I tiptoed to the counter and peered up at her—I was short for ten—hoping she’d see me, yet hoping she would not. “Um . . . .” I sucked in a breath. My voice quivered, for she wasn’t just any witch. She was certainly Baba Yaga, that old Russian fairytale witch, the one who lived deep in the forest in a magic hut that moved and danced and chased after children on mammoth chicken legs.
“Uh . . . .” I breathed in again, then squeaked out, “What time is it?”
Baba jerked and snorted, as if I’d appeared out of a sudden gust of smoke. I stepped back. Her eyes narrowed.
“What do you think that is?” she snarled, waving her crooked fingers toward a tick-tock clock on the counter. Her sleeve slipped up her forearm a bit, revealing a neat row of stark blue numbers. Strange. Tattoos. But . . . tattoos are never arithmetic—not addition, not subtraction. Tattoos should only be sweethearts and blossoms and wings.
That old witch Baba yanked her sleeve back down to her wrist and watched me, her lips thin and tight. I froze, dropped my eyes and backed out of the store. Her frown followed me all the way to the sidewalk, where I turned and raced home. The stores flew by. Was her hut chasing me? I stole a look back. Almost tripped. I ran till I reached my own safe street. "Ha," I yelled, and stuck out my tongue. Back then, I didn’t know.
I didn’t know what a Jew was. Or that this Baba hadn’t always been round. That she and her tender husband had once held hands in a filthy box car to the end of the line, had slept on rags and turned into stick figures. I didn’t know, till years later, how she'd stood in the dirty snow in a dim yard before dawn and witnessed the cold gray uniforms pacing and counting, and counting and pacing— achtzehn . . . neunzehn . . . zwanzig—her eyes searching the shadows for her stick man who lingered in a distant line. A putrid smoke descended. She sneezed. She shivered. She watched an icy sun sneak up from behind gray buildings, streaking the sky with crimson, cobalt, a sudden hue of sapphire, the colors aching like a crime. She reached her stiffened fingers to her pallid mouth and pulled out yet another loosened tooth.
One dull, overcast winter day, she heard guns, remote and faded at first, but then firing closer and closer. Allies? Could it be? The camp guards rushed into the barracks--SCHNELL!—where they shoved and prodded all prisoners who could walk or hobble, onto their final death march, out the gate, into the frozen woods and gone. Within hours, Soviet soldiers filed into the camp in their white winter suits, their red stars glistening on furry caps. She was helped to a table in the yard and offered soup and bread. And there he was, propped up by two soldiers and shuffling toward her—her tender stick man.
The soldiers helped them onto a truck crammed with broken people, but she saw only him and his pale hallowed face. The face she loved. The truck bounced along mud roads and, finally, let them out at a bustling, crowded camp with boxes of blankets and tin rations. Two years they waited, restless, in one camp then another, till official forms were covered with stamps and signings and tears, and it was off to America on an army transport ship to a new life, to grow plump and strong together, and safe.
As a child, I didn’t know all this, about the train and the smoke. And the man. Not till I turned fourteen. October had whirled around again and, one day, Mom and I were sitting on the couch watching our little black and white TV when a Halloween witch appeared on the screen. And I suddenly remembered Baba Yaga.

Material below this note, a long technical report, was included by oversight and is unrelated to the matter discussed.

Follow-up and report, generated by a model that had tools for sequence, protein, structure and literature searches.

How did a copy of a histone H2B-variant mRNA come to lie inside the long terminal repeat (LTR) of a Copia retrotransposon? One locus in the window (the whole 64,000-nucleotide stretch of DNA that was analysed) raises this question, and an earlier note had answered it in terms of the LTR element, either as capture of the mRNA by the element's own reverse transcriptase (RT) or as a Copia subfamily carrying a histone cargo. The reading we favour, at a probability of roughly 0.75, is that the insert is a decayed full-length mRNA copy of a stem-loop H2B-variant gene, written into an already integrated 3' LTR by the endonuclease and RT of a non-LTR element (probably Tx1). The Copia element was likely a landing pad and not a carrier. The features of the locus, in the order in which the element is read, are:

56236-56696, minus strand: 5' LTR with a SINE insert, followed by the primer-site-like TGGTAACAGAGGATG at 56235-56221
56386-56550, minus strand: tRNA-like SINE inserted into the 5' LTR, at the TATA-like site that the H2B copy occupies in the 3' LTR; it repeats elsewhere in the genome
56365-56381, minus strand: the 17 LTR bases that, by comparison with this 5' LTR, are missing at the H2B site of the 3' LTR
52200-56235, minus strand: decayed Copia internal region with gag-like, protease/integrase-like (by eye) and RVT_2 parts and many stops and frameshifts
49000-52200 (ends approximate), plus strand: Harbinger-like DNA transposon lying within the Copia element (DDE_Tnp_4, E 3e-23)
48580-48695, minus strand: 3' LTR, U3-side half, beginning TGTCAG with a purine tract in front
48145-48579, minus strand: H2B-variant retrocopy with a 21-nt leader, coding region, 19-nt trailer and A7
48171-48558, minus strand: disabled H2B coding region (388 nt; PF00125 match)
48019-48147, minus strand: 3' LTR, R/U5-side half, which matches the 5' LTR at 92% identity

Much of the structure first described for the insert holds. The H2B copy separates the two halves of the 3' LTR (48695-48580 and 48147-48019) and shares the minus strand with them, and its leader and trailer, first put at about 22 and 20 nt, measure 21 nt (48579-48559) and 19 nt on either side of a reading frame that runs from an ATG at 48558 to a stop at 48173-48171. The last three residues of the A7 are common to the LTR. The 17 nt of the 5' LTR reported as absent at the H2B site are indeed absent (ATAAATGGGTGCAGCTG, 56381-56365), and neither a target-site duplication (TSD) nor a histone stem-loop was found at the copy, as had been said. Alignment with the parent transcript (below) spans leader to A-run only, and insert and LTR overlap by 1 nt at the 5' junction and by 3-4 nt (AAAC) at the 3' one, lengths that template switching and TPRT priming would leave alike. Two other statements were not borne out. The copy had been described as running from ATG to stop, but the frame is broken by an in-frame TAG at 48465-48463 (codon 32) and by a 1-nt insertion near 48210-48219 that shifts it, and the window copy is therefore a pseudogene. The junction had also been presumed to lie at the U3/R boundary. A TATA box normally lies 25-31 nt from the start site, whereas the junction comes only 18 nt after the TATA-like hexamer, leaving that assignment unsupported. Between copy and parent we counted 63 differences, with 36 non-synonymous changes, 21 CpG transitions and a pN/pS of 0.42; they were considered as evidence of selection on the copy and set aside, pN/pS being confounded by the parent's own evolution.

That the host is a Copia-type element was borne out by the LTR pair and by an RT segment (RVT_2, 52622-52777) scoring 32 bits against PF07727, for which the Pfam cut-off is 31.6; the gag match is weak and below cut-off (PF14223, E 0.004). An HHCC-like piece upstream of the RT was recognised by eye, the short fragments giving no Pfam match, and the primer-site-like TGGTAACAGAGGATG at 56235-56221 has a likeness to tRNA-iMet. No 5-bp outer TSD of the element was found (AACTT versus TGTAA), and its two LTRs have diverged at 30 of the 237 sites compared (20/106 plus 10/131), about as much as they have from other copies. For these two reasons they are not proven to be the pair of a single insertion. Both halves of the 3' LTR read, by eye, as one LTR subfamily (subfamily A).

“Mom,” I said. “Do you remember that grouchy old woman who ran that toy store?”
“Yes, I do,” she said. “Hon, she wasn’t old at all. She was about my age.” Mama stood up and turned off the TV. She sat back on the couch and told the woman’s story, of the camp and all.
She paused, then continued on . . . about the accident.
“The first month in their new apartment,” she said, “the neighbors brought food. I didn’t know much about kosher, but I found some lox and latkas at the store. Other folks brought lovely lavender sheets and a desk so they could settle in real nice.” She smiled a little. “Must have seemed like heaven on earth. Somehow, they even got a cheap used car, and her husband was driving around town, so pleased with their life and their luck.”
She shifted on the couch and leaned forward. “On his way home, a drunk driver met him at a crossroad. He died in the ambulance.”
Mama shook her head and stared down at her lap. I sat on the couch a while, stunned, holding this story in my hands like a dazzling, dangerous thing. That’s when I first knew that no amount of magic, not even Baba Yaga’s, could mend a tender spirit so perfectly crushed, like a luminescent beetle under a black boot.
Mama stood up. She blew her nose, then left to clean up the kitchen. I slipped out the door and walked down Kirby Drive to get a fresh look at this lady I’d once called Baba. I hadn’t been down there in years. The toy store was locked up. A “For Lease” sign hung on the door. I peered through the glass window, cupping my hands to kill the glare. The shelves were gone. Only the dust remained. The den seemed smaller than I remembered. Quiet now. Hollow and still.
I placed my hands flat against the window, closed my eyes, and kissed the glass.
Casey Robb’s careers have included physical therapy and civil engineering. Her poetry and fiction have appeared in numerous journals, including The Classical Outlook, Ekphrasis, The Edge City Review, The Comstock Review, The Lyric, The Menda City Review and Fiction on the Web. Casey is a Texan who lives in Northern California with her two adopted daughters.